Monday, August 21, 2017

On the total eclipse and rural gentrification

Jackson Hole, Wyoming, August 21, 2017
I've spent the last week or so in the rural West, between Bozeman, Montana and Jackson, Wyoming.  I've become what they call a shadow chaser, I guess, having been drawn here for the total eclipse of the sun.  Right now, I'm in Moose, Wyoming, in the midst of Grand Teton National Park.  (Moose is populated primarily by families with "inholdings," wikipedia tells us).  Moose is about a dozen miles north of posh Jackson Hole, which I've long considered a prime example of rural gentrification.  (Some prior posts mentioning Jackson Hole are here and here).  I'm ready for today's total eclipse, ensconced in the Dornan's complex (where I'm staying in a cabin), which has security posted to keep out the hoi polloi--those who have not bought a "ticket" to be here, one such ticket being a $60 lunch.    Another "ticket" is being a passenger on one of the two busses who've apparently purchased the right to be here.  Dornan's has closed all of their businesses until after 1 pm, about the time of the fourth contact (a/k/a the end of the eclipse).

Dornan's complex, Moose, Wyoming, looking toward the Grand Teton Mountains
Anyway, the New York Times posted this story last night, showing a location very near where I am.  The headline is "Before a Solar Eclipse Crosses 14 States, a Great American Road Trip."  We pulled into Jackson from Yellowstone on Saturday afternoon, and the traffic wasn't too bad about 40 hours before the eclipse (though plenty of slow, thoughtless RV drivers failed to use the turnouts, which did slow us down).   However, as we plotted a trip into Jackson for dinner on Saturday night, the traffic entering town put us off, and we returned to the Dornan's complex for a mediocre pasta meal.

What has been remarkable to me is the air traffic coming into Jackson Hole.  Our cabin is in the flight path, and I cannot imagine that as many commercial, scheduled planes come into Jackson Hole as we are hearing and seeing--even in high season, which we are in--on a typical summer day.  Some folks I met here said their friends are coming in on a private jet from Seattle, and they had been told that there was no flexibility to change their flight window because the airport will be so busy today.  I just checked this morning's flight arrivals in Jackson Hole, and the last four planes to land have been private:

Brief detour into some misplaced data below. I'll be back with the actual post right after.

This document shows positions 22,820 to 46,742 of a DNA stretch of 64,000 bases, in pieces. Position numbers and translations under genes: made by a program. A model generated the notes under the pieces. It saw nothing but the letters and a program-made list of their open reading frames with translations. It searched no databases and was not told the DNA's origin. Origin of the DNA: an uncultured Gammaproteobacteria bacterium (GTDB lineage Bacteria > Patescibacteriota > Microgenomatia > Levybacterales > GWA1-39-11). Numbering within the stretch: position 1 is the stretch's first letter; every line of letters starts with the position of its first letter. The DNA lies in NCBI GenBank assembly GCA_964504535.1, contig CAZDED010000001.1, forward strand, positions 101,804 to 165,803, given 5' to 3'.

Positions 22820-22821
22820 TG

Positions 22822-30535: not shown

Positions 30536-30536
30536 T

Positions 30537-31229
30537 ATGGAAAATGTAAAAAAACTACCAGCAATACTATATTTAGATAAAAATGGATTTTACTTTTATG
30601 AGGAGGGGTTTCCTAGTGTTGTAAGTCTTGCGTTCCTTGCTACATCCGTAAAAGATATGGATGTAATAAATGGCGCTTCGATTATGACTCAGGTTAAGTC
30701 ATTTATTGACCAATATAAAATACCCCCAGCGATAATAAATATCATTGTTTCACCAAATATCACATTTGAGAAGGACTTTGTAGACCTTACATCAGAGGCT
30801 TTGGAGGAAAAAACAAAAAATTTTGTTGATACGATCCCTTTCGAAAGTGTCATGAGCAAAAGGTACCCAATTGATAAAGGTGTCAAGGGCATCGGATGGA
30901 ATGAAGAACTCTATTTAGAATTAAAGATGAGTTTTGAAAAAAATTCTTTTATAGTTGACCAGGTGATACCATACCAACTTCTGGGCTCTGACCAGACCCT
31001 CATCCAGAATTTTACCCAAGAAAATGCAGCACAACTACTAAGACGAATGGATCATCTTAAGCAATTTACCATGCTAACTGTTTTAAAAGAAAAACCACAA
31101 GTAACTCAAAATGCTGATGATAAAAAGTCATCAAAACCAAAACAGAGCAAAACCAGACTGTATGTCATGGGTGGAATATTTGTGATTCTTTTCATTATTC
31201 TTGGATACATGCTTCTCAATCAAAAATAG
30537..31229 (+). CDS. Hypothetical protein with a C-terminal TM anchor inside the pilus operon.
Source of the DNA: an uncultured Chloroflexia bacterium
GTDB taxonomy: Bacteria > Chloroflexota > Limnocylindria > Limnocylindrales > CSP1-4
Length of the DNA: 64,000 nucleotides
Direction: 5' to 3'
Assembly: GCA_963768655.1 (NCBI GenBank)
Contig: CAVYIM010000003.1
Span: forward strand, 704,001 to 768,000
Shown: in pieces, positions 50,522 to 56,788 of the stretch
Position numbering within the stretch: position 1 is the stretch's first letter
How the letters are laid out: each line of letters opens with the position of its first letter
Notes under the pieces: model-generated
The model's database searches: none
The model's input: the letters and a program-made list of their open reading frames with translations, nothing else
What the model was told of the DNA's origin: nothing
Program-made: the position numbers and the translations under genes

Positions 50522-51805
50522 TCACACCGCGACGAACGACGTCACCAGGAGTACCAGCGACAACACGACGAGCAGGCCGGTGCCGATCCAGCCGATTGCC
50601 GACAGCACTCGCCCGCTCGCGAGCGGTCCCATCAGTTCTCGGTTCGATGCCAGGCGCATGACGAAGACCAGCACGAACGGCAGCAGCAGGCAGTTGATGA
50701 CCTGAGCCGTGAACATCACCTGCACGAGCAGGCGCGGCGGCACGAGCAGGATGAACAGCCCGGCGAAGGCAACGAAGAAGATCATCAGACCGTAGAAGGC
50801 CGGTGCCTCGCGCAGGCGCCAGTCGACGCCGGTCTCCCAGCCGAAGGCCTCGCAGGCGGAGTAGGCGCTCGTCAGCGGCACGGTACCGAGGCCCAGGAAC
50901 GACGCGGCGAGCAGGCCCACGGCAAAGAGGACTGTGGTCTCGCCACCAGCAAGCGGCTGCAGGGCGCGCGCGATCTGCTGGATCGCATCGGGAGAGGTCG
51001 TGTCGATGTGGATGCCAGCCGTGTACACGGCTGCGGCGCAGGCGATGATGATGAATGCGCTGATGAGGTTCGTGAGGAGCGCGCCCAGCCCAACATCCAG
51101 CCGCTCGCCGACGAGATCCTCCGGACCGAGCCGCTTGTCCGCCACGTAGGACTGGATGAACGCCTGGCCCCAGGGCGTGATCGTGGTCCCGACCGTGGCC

Flight log into Jackson Hole Airport, morning of August 21, 2017. 

In an earlier post about the eclipse, I wrote about the plight over very small towns--including Glendo, Wyoming, that were likely to be overwhelmed by eclipse visitors.  Glendo had set up a "Go Fund Me" account to help defray the costs of porta potties and post-eclipse clean-up.  One had the feeling that Glendo would just as soon not be in the path of totality.  Not so with Jackson Hole.  The town has street banners touting the eclipse, and lots of eclipse paraphernalia and T-shirts for sale, including one that says "The Hole Eclipse" (which I'm hoping gets marked down before I leave town!).   The Jackson Hole Police had a pop-up tent "booth" on the town square and several officers on horseback. Needless to say, a different group of folks are flying into Jackson than are driving into Glendo, and that's a reflection of the places' respective economic fates and geographic features.  In short, it's a reflection of rural gentrification vs. plain old rural (or even rural decline, rural population loss).

Horse-back riding police officer in Jackson Hole, August 20
Yesterday, we rode bikes to South Jenny Lake, inside Grand Teton National Park.  Along the way we saw lots of porta potties stationed along the road.  We also saw signs touting places for eclipse viewing in the park--apparently the efforts of the National Park Service to channel visitors (in one case, into a large open plain).  Many RVs were parked along the roads in the park, perhaps intending to be there for the duration.  Certainly, I wouldn't want to be moving anywhere in a vehicle at this point on August 21, 2017.

As a ruralist, I'm thinking it might have been more interesting--if more stressful--to have visited Glendo for the eclipse.  But I'll have a ready opportunity to visit a low-population and high-poverty rural locale for the 2024 eclipse.  My hometown, Jasper, Arkansas, will be barely in the zone of totality for that one, and I plan to witness it there.

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